As human beings we seem to be obsessed with our circumstances. In our culture, we tend to pray disproportionately for God to protect us from bad things happening to us (think: “traveling mercies”), compared to how much we pray for God to be glorified in our lives, whatever that might entail. I am challenged by Paul’s prayer here to be asking this key question all the more: How can I glorify God the most in the midst of this situation?

For more on this topic, check out the sermon from White Fields Church: Encouragement for the Fainthearted

Original Music by Michael Payne: My Times

Michael Payne, who serves as worship pastor at White Fields Community Church in Longmont, just released an original song called “My Times”. Check it out on YouTube here:

Here’s what Mike wrote about the song:

The story of this song starts back in 1996 when I arrived in Debrecen, Hungary with my backpack and guitar. It comes from Psalms 73 and 31 and encapsulated the start of my journey as a missionary. This song would become a mainstay for our Monday night English language Bible study with the medical students. But then I left the song behind in Debrecen as we moved to Budapest where I felt God call me to invest in Hungarian songwriters and song-writing. Since our move to the States 21 years later, this song has taken on new meaning as my family declares this same endless truth to God again – “My times are in Your hands”, stepping out into a new chapter in life.
Music is not only about the song itself, but who you play it with and it was a great joy to record this with great friends.
I hope the story and the words of this song resonate with you wherever you are in your walk with God.

Mike is going to be featured in the Longmont Times-Call’s 100 People of the St. Vrain Valley feature, in which they highlight notable people from the area.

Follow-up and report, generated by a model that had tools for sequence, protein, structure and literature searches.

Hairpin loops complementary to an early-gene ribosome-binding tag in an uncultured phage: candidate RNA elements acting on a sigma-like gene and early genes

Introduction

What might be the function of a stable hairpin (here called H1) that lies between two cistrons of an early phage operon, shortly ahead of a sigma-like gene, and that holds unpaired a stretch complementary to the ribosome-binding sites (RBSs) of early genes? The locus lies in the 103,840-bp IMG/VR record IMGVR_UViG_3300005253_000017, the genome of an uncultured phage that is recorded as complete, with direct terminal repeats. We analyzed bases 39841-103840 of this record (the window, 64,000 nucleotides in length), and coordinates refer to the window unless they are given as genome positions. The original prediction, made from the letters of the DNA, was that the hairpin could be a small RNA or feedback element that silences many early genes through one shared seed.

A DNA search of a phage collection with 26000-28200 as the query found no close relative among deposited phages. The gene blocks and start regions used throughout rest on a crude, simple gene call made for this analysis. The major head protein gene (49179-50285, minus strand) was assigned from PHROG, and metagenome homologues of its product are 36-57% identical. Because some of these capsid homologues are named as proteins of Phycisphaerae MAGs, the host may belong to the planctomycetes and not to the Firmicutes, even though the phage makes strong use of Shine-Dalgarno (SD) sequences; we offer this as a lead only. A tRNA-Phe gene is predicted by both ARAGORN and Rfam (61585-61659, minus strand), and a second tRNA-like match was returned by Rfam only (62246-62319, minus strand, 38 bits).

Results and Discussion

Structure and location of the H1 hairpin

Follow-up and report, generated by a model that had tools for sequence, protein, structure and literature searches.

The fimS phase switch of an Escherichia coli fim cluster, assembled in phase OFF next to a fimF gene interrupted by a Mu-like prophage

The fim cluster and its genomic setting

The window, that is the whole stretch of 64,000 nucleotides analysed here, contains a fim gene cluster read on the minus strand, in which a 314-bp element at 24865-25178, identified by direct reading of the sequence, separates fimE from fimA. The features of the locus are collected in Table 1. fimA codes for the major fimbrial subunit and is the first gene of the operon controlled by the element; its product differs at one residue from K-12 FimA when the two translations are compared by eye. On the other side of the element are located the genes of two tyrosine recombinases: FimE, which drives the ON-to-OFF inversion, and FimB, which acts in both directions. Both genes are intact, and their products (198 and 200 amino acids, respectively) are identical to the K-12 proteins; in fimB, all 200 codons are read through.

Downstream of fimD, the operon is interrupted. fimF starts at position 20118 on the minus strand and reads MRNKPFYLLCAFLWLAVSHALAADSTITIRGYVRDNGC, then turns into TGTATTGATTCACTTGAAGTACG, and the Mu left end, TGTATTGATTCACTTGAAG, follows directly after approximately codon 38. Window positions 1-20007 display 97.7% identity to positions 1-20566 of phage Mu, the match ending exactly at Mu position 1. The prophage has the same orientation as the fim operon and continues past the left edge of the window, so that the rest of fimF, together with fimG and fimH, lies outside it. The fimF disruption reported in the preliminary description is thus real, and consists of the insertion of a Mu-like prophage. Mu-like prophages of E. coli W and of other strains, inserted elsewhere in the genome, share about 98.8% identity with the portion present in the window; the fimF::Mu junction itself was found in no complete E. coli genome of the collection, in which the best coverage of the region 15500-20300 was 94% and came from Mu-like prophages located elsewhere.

You can also listen to Mike’s music on Spotify: Michael Payne on Spotify

Why is Rape Wrong?

rainforest during foggy day

Primates & Sexual Assault

Did you know that female primates are regularly sexually assaulted by male primates? Harassment, intimidation and forced copulation are regular practices of male primates towards female primates. [1]  Having studied the behavior of primates, scientists have concluded that “the sexual harassment of females is hard-wired into primates.” [2]

From a purely evolutionary perspective (if one holds that view), these practices can be seen to have evolutionary advantages, namely the propagation of the genes of the strongest and most aggressive males, rather than the weaker, more passive males.

The Limits of a Purely Scientific Worldview

In her book, Confronting Christianity, Rebecca McLaughlin points out that whereas science can describe the way things are, and the reasons why people do things, it does not speak to the way things ought to be, e.g. ethics and morality.

Science can tell us how things are. It can explain why, for instance, a man might have the drive to commit a sexual assault as an effective means of propagating his genes. But it cannot tell us why he would be wrong to succumb to that drive.

We can conduct sociological calculations to see what behaviors turn out better for the group and decide that sexual assault yields a net negative in the overall happiness of the tribe. But to call rape wrong, we need a narrative about human identity that goes beyond what science or sociology can tell us.

She points out that if we as human beings are nothing more than what can be described by science, and our story is nothing more than the evolutionary story, then we have no grounds for insisting on human equality, protection of the weak, equal treatment of women, or any of the other ethical beliefs we hold dear. [3]